Amazon deforestation due in part to soybean growing

2013-09-17 09:20
An aerial view of the Amazon forest. (AFP)

An aerial view of the Amazon forest. (AFP)

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Rio de Janeiro - Fighting deforestation of the Amazon for cattle raising and farming is one of the great rallying cries of the world's conservationists.

And, while soybean growing's impact on the vast jungle has eased since a moratorium imposed in 2006, Brazil's huge soybean industry is still indirectly responsible for the felling of trees.

The mechanism goes like this: Soybean growers take over land that has already been deforested, worked and worn out by cattle ranchers. The ranchers then move on to burn down fresh areas of Amazon.

Brazil is the world's second largest producer and exporter of soybean, after the US.

Back in 2006, amid pressure from conservationists, the country's main soybean exporters stopped buying crops grown on deforested land.


This stemmed from a campaign launched by Greenpeace at the request of customers like Carrefour and McDonald's.

"This drastically reduced our industry's impact on the Amazon," said Bernardo Machado Pires, head of environmental affairs at the Brazilian Association of Vegetable Oil Industries (Abiove).

The moratorium is being observed by huge multinationals such as Bunge, Cargill or ADM, and involves 90% of Brazil's reported soybean exports, mainly to Europe and the US.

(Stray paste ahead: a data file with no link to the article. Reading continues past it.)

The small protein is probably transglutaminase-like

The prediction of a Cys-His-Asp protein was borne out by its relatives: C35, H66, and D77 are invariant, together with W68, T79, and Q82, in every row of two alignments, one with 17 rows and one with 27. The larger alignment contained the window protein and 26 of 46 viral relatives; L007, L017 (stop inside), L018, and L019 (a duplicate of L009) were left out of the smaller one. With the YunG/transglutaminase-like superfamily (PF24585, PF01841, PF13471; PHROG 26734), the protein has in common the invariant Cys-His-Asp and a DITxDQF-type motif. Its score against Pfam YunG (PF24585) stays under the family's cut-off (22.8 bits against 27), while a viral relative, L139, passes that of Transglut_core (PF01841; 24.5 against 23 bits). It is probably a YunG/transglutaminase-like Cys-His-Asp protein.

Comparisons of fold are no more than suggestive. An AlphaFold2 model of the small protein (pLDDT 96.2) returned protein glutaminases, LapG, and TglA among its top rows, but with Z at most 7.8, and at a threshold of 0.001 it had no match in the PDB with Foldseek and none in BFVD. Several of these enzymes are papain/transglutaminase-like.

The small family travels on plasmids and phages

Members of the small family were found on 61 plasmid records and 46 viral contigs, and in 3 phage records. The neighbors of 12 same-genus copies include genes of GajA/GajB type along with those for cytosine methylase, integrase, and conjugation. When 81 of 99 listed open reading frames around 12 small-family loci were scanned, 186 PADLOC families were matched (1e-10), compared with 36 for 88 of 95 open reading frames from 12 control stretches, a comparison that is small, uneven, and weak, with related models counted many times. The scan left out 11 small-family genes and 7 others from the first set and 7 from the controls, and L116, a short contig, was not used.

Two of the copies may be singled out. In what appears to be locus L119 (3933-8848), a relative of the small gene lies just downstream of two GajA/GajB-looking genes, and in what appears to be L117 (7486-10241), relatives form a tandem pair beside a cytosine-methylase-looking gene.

"Soybean continues to spread in the Amazon but the moratorium has slowed its frantic expansion," said Michael Becker, a conservationist at WWF Brasil.

Areas that were deforested after 2006 and used to grow soybean increased 57% from 2011 to 2012, compared to more than 350% between 2008 and 2009.

Satellite images and pictures taken from aircraft by the National Institute of Space Research (INPE) show that such land now covers 18 400ha.

Persistent deforestation of the Amazon to grow soybean stems from the fact that some buyers, mainly Chinese, have not signed the moratorium.

Still, Brazil has imposed tough penalties on companies that produce soybeans on illegally cleared land or buy from it.
"This agreement shows that consumers no longer tolerate deforestation of the Amazon, but it does not control the indirect impact of soybeans on the jungle," said Marcio Astrini, co-ordinator of Greenpeace Brazil's Amazon protection campaign.

He said growing is often done in places that had been used for cattle raising, which just goes elsewhere and ranchers burn down more trees.

Geographer Mariana Soares Domingues of the University of Sao Paulo, studies the process in the arboricultural state of Mato Grosso.

"Cattle ranchers burn down fresh jungle, plant grass from airplanes and then bring in cattle," she said.

"After a few years these pastures have been worn out, the cattle raising operations move on to deforest some place else and soybean growing takes over on these abandoned plots of land," she added.

"The soybean industry has an indirect responsibility," said Pires, of Abiove. "It buys land that has already been cleared, which is easier to plant, and the cattle raising moves to areas that are less expensive, in other words, the jungle. Thus are the dynamics of agriculture in these regions," he said.
Read more on:    environment

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